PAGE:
Threat Reduction Programs Continue despite Rifts

Article excerpt

Russia's conflict with Georgia in August caused a serious rift in U.S.-Russian relations but does not appear to have harmed the two countries' cooperation on improving the security of nuclear materials and weapons in Russia, according to administration officials and members of Congress.

Speaking at the Center for Strategic and International Studies Sept. 17, Thomas D'Agostino, administrator of the Department of Energy's National Nuclear Security Administration (NNSA), discussed the administration's views on the effect of the recent conflict on nonproliferation programs in Russia.

D'Agostino said, "I think that the Russians and the [United States] both recognize the value of these programs and that... despite the recent activities that have gone on, we have a commitment that we are going to follow through on, working with Russia on nonproliferation and that it is way too important for the world to pause the activity. That's a consensus view within this administration."

In the aftermath of the Georgia conflict, Congress has also indicated that it will not change its threat reduction funding priorities because of the war. The Defense Authorization Act authorized $434.1 million for the Cooperative Threat Reduction (CTR) program, an increase of $20 million from the administration request.

The two authors of the act that created the CTR and related nonproliferation programs, Sen. Richard Lugar (R-Ind.) and former Sen. Sam Nunn (D-Ga.), have both expressed confidence that the programs will continue for now despite any political differences the two nations have, but also contended that there are inherent risks in such a strained relationship.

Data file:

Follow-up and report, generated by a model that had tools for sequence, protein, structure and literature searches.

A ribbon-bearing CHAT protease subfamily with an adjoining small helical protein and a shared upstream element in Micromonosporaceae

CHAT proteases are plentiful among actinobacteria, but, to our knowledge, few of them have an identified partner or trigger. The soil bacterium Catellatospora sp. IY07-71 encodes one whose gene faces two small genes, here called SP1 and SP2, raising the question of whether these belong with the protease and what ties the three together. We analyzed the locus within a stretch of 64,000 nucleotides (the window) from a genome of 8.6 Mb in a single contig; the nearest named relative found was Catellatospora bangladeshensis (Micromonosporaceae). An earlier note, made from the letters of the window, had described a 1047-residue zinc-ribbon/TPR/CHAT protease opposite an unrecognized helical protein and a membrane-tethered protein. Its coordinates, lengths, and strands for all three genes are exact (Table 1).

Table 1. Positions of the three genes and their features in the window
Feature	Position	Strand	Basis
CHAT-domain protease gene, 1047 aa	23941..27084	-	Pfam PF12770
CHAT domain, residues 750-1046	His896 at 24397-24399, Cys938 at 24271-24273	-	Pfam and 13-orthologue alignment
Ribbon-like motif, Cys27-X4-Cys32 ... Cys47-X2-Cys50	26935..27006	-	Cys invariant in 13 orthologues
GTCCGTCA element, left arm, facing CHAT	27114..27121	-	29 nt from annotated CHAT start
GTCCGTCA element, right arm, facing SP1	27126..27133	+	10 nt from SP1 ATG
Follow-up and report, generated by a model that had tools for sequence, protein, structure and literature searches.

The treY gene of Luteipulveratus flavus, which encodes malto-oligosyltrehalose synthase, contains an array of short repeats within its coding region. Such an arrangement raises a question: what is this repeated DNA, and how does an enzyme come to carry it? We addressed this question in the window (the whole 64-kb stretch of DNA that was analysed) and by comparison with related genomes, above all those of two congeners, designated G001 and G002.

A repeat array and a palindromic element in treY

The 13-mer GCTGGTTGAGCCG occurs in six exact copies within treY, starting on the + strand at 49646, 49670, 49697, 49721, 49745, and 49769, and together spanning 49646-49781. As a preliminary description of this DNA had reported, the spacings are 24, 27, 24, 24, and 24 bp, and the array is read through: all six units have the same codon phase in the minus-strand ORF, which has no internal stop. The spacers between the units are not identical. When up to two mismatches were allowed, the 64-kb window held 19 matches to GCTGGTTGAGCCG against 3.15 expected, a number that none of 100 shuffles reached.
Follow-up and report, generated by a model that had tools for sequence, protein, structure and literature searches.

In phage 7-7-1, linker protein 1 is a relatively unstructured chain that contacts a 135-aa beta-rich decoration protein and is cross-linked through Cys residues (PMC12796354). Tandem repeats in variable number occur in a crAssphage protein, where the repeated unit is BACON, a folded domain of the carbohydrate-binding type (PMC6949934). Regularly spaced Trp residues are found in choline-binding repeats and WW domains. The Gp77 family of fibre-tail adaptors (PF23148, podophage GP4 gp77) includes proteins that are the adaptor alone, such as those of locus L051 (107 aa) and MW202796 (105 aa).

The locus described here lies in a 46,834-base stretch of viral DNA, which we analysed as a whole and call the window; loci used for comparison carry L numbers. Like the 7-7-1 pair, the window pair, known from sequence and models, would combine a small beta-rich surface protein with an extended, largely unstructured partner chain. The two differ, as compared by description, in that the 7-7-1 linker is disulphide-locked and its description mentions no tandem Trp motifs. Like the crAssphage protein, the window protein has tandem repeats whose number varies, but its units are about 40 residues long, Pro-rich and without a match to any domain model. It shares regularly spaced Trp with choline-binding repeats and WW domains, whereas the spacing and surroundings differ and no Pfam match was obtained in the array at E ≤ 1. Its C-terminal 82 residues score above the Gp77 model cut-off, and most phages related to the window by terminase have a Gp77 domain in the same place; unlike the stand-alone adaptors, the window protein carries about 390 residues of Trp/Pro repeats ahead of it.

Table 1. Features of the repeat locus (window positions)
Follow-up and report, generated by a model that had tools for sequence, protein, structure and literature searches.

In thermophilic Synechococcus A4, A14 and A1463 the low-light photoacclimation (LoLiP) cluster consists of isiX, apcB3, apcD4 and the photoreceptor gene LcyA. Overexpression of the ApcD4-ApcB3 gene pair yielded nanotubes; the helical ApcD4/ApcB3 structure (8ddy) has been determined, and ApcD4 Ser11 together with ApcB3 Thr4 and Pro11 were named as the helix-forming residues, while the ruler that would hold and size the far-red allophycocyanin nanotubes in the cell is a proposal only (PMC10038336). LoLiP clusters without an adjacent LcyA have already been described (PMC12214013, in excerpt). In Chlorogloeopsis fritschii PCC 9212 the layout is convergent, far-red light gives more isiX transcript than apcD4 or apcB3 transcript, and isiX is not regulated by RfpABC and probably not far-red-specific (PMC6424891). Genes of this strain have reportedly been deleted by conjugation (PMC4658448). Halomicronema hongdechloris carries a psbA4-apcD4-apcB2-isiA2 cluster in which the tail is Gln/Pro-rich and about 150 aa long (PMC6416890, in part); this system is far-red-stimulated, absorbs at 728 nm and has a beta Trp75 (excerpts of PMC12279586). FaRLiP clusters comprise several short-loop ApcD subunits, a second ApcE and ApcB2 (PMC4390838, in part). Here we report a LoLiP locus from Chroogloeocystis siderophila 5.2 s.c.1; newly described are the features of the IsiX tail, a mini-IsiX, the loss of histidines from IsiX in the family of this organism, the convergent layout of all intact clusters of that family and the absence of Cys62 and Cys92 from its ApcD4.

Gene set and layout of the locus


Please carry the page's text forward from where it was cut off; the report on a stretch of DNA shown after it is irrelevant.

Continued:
Lugar cited specific examples of recent progress during a hearing of the Senate Foreign Relations Committee Sept. 9. Lugar said that, "during August, the month of contention in Georgia, 10 intercontinental ballistic missiles were destroyed in Russia and four shipments of nuclear weapons were sent to safe and secure storage. It's a fairly modest outcome, but nevertheless the program sort of rumbles on."

At the same hearing, William Burns, undersecretary of state for political affairs and a former ambassador to Russia, echoed D'Agostino's and Lugar's comments. "On some critically important issues, like combating nuclear terrorism and nonproliferation, we have a hard-headed interest in working with Russia," Burns said. He added that the United States was committed to working with Russia on dealing with Iran's nuclear program, finding a follow-on to START, and continuing to secure hazardous weapons and materials in the former Soviet Union.

The CTR and other nonproliferation programs were created by the 1992 Nunn-Lugar legislation with the goal of securing weapons stockpiles in the former Soviet Union, but many diplomats, lawmakers, and outside experts have called for its realignment after more than 15 years of existence. A stronger Russian economy has given the government more money to pay for its own security, and the increasingly global nature of nuclear commerce tand proliferation threats are often cited as reasons for a re-examination of priorities.

In some ways, the programs are a victim of their own success as many projects have been completed or are rapidly coming to an end. …